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Old 01-27-2015, 06:49 PM   #75 (permalink)
oldbeaver
EcoModding Apprentice
 
Join Date: Oct 2008
Location: Chile
Posts: 222

Mercedes 89 D - '89 Mercedes 300 E
90 day: 33.86 mpg (US)

Skodie - '09 Skoda Octavia TDI PD
90 day: 38.84 mpg (US)

1993 Mercedes 300D Turbo - '93 Mercedes Benz 300D Turbo W124
90 day: 26.19 mpg (US)

Crossie - '16 Subaru XV Crosstreak
90 day: 9.61 mpg (US)

Crossie - '16 Subaru XV Crosstreak
90 day: 33.34 mpg (US)
Thanks: 15
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Better fuel economy with EGR

Quote:
Originally Posted by Diesel_Dave View Post
I'm more familiar with larger diesel engines, but I've never, ever seen any data showing a fuel economy benefit from EGR in a diesel (with all the same engine settings otherwise). In some cases there can be a fuel economy benefit in a gasoline engine, but that's a separate discussion. The thing to watch out for is whether your change to the EGR affects the ECM in such a way that it reacts by changing other things (like timing). IMO, that's where people are probably seeing the fuel economy penalty--it's not directly from removing the EGR--it's from the ECM's reaction. Knowing what the ECM is going to do is a pretty complicated matter in modern ECMs. I know for diesel trucks there are a lot of sims, chips, & programers to remove EGR in such a way that the other engine settings are negatively affected. There are probably similar things out there for the TCI engine. You might want to look into them, but be forewarned that there's a lot of crap out there too.

Yes, warm up time will be longer without an EGR cooler. The block heater is a good way to go (even with EGR). Another thing would be to block off more of the grill. That doesn't really help initial warm up mich becasue the thermostat is closed, but your required cooling load under warm conditions will be decreased so you no longer need as much radiator.

I also started another thread recently to deal with this using an exhasut heat exchanger:
http://ecomodder.com/forum/showthrea...art-19607.html
Here you have your first: My 1993 Mercedes turbo diesel has a EGR device. Almost all people think (as I did), that cancelling the EGR will produce better power and better FE. "Go for it" said my mechanic. And I did. I was dissapointed with the result: my mileage went worse. Then I connected it back, and my mileage went better! (Please look at my fuel log).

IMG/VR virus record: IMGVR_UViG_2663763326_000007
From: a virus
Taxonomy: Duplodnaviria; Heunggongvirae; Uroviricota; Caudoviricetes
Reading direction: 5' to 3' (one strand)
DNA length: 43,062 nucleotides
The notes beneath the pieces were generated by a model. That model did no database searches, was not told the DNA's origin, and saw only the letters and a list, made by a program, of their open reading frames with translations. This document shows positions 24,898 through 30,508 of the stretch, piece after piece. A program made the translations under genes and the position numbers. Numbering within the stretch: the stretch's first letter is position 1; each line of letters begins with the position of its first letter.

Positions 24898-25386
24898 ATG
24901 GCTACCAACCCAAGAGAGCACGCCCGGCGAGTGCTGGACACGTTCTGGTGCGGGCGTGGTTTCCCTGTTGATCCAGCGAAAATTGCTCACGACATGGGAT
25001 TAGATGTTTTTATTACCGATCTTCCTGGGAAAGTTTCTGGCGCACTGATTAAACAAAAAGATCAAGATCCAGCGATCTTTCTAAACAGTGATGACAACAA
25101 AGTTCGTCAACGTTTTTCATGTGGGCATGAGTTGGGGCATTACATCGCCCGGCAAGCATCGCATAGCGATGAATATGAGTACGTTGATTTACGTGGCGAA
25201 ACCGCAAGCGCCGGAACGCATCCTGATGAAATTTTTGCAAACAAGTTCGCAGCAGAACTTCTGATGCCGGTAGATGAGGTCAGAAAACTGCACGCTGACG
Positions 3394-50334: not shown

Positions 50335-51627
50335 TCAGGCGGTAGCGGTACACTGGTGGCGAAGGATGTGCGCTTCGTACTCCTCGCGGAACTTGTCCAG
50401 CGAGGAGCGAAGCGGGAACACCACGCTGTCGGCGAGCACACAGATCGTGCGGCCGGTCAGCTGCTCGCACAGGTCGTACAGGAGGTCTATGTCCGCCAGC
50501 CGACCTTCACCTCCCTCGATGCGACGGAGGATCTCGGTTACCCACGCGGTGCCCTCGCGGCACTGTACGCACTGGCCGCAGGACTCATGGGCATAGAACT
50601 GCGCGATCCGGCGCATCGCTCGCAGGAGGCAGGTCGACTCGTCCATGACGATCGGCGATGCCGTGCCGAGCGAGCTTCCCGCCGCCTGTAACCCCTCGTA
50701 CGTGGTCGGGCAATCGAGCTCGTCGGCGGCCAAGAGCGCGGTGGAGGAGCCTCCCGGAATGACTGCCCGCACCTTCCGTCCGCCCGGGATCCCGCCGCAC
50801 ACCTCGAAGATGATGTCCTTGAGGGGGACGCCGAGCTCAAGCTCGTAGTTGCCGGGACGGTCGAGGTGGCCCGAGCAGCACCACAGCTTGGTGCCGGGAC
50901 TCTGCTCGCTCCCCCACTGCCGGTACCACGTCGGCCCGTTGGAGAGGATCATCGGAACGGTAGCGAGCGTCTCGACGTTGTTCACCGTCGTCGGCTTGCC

But lets face it: almost no one comes with hard figures, just mere opinions, preferences, "it should be so and so, because of that" kind of thoughts.

I wanted a positive outcome. But I didn't get it.

All know that the only valid and correct way to test the effect of EGR is to MEASURE with a onboard fuel computer. Like MPGuino or other.

Driving a full tank of fuel and compare with another is not valid. I drive about 600 km even 900 km with 70 liters of diesel. FE is determined greatly by traffic, speed, slope, payload, tire pressure, general temperature, even air humidity. Not to mention driving strategy, which per se can vary FE as much as 40%! Specially if you want your hypothesis to win over the other's one.

How to measure then? The correct procedure is to compare FR with EGR vs without EGR, keeping all other conditions constant between measures. Of course that is imposssible (and very expensive by the way, if you need to drive so long to get outcomes) if you will travel 700 km.

What I want to see is a test of, say, 1 km drive at a steady speed (better with cruise control) on a flat pave, forth and back, and take the mean, to eliminate wind, little slopes, etc. keeping all the rest "ceteris paribus".
Do it with EGR operative and again witout it. Then you can compare.

I have done this kind of tests on a Skoda diesel TDI, which has an onboard computer, and believe me that real time fuel economy varies a lot. So much that I had to use mean fuel economy only.

Unfortunately, very few people devote time to make this kind of tests, seriously, and prefer to just give their opinions. Unfortunately also, my 1993 Mercedes turbo diesel don't have an onboard computer, but I will install a MPGuino and hope it will give a good estimate of fuel economy, at least, for comparison and testing purposes.

Best,

Oldbeaver
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Mercedes 300 D turbo 1993

Last edited by oldbeaver; 01-27-2015 at 06:54 PM.. Reason: improving clarity
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